Christoph Niemann (@abstractsunday) ended the first day of TYPOSF with an engaging and funny presentation That’s Where I Draw the Line (conference blog post) on illustration, process, and finding ideas in the process. A funny lesson he learned “yoga will destroy your design career.” Yoga made him more relaxed so that he was okay with drawings that he thought sucked. You had to be there. He writes and illustrates the New York Times blog Abstract Sunday. He also showed off his cute Petting Zoo iOS app. The Abstract City book, an archive of the 2008–2011 blog is also available (and via Amazon).
Ivo Gabrowitsch (@gabrowitsch), Marketing Director of FontFont (@FontFont) talked about the future challenges of the font business in Let There be Extra Light (conference blog post). A couple of the web tools he mentioned were FontFonter.com to “try web FontFonts on any website” and FF Subsetter.com to optimize/subset web FontFonts. OpenType feature preview is important. And the biggest piece, I think, is the idea of simplified licenses. Ivo mentioned briefly about their upcoming App+ simplified licensing model. Complexity of licensing often confuses customers. I look forward to seeing their results.
I think that Peter Biľak’s Typotheque (@typotheque) type foundry does a good job of explaining the variety of licensing scenarios, along with helping the customer understand the potential costs. Their EULA (End-User License Agreement) has a sidebar with a summary of the meaning of each section in clearer terms.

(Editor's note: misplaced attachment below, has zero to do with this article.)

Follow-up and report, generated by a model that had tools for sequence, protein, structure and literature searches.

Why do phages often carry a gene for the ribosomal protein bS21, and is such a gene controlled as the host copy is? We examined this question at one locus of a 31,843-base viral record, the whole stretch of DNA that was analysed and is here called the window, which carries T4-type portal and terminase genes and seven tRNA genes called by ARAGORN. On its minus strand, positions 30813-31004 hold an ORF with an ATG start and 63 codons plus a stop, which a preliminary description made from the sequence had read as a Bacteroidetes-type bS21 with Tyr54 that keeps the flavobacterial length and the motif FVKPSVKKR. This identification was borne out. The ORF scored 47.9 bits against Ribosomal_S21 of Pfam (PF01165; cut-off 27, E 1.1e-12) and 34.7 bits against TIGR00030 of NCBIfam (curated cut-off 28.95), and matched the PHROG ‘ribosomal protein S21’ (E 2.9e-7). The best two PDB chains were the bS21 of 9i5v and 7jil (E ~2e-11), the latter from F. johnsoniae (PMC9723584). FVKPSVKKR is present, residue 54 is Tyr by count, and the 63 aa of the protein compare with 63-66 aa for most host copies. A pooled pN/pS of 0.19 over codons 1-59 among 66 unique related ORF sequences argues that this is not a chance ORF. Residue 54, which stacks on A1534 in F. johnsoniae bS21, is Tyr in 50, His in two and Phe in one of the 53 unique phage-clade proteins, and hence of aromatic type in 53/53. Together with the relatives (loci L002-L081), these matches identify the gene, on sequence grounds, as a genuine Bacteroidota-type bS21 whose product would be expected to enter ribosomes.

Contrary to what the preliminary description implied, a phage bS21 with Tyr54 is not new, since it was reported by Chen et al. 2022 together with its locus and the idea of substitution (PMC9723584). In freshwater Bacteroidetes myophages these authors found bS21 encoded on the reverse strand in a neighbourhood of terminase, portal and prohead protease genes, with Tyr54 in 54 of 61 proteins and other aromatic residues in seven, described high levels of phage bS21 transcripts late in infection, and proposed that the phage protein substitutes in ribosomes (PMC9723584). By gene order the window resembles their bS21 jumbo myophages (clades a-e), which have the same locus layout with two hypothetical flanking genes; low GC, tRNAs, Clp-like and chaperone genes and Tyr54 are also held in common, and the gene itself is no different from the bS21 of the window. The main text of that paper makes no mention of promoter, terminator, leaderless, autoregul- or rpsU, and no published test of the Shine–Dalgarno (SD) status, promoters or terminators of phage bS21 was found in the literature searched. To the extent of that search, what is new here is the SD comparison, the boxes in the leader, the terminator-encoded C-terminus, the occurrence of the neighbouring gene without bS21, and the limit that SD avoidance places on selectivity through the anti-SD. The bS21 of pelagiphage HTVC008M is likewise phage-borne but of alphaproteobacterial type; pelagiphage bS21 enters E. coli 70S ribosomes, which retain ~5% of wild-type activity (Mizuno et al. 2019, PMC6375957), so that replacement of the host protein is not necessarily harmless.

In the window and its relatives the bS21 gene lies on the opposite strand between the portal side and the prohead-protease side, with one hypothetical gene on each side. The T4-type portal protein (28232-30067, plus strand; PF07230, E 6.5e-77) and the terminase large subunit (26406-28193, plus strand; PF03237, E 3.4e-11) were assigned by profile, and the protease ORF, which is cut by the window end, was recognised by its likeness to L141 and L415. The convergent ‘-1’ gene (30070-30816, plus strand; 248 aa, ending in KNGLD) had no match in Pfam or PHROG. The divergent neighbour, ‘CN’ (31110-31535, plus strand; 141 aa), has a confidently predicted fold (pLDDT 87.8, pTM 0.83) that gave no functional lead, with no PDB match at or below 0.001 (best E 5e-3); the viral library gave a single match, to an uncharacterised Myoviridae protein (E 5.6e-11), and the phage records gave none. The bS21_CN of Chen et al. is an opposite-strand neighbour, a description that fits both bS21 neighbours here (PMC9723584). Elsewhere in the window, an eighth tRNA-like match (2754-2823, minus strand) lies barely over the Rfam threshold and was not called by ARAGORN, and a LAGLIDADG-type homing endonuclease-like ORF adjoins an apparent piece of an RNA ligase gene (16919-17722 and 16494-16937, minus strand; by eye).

Travis Kochel (@traviskochel) talked about using Type as Interface (conference blog post). Using his FF Chartwell symbol typeface as a model, he showed how one could use the descender area as a preview. Like Peter Biľak, he also talked about using video to demonstrate OpenType features.
Stephen Coles (@typographica) enlightened us on how A Typeface is a Chair (conference blog post). Before type, Stephen was a birder as seen by his collection of bird books. Makes a lot of sense. Many similarities between the two. He also gave away two copies of his recommended book The Anatomy of Type (here’s the Amazon page) to folk who spotted the secret word. The chair illustrations were created by the talented Laura Serra (@laureola); unfortunately, she was unable to attend and missed a fun talk.
Meena Kadri (@meanestindian) talked about the talented hand-lettering, sign painting, and type in India, pervasive among the local landscape, in Indo-centric, Typo-centric: Hand-lettered Typography of the Streets of India. Here’s one image from the talk. She mentioned the HandPaintedType project (@HandPaintedType), dedicated to preserving the typographic practice of street painters in India by documenting and digitizing the typefaces found.
Erik Spiekermann (@espiekermann) closed the conference with Life is in Beta (includes video of the talk), about change and finding ways to keep enjoying your work (conference blog post). See how he accesses books from his two-story bookcase. I liked his list of rules on writing they follow at Edenspiekermann (@edenspiekermann), applied to marketing content on websites:
- no ornamental adjectives
- no self-praise
- hard facts as proof of concept
- no words where pictures suffice
- present tense, active language
- subheads as teasers
- 800-1200 characters (200 words)
- one editor writes final version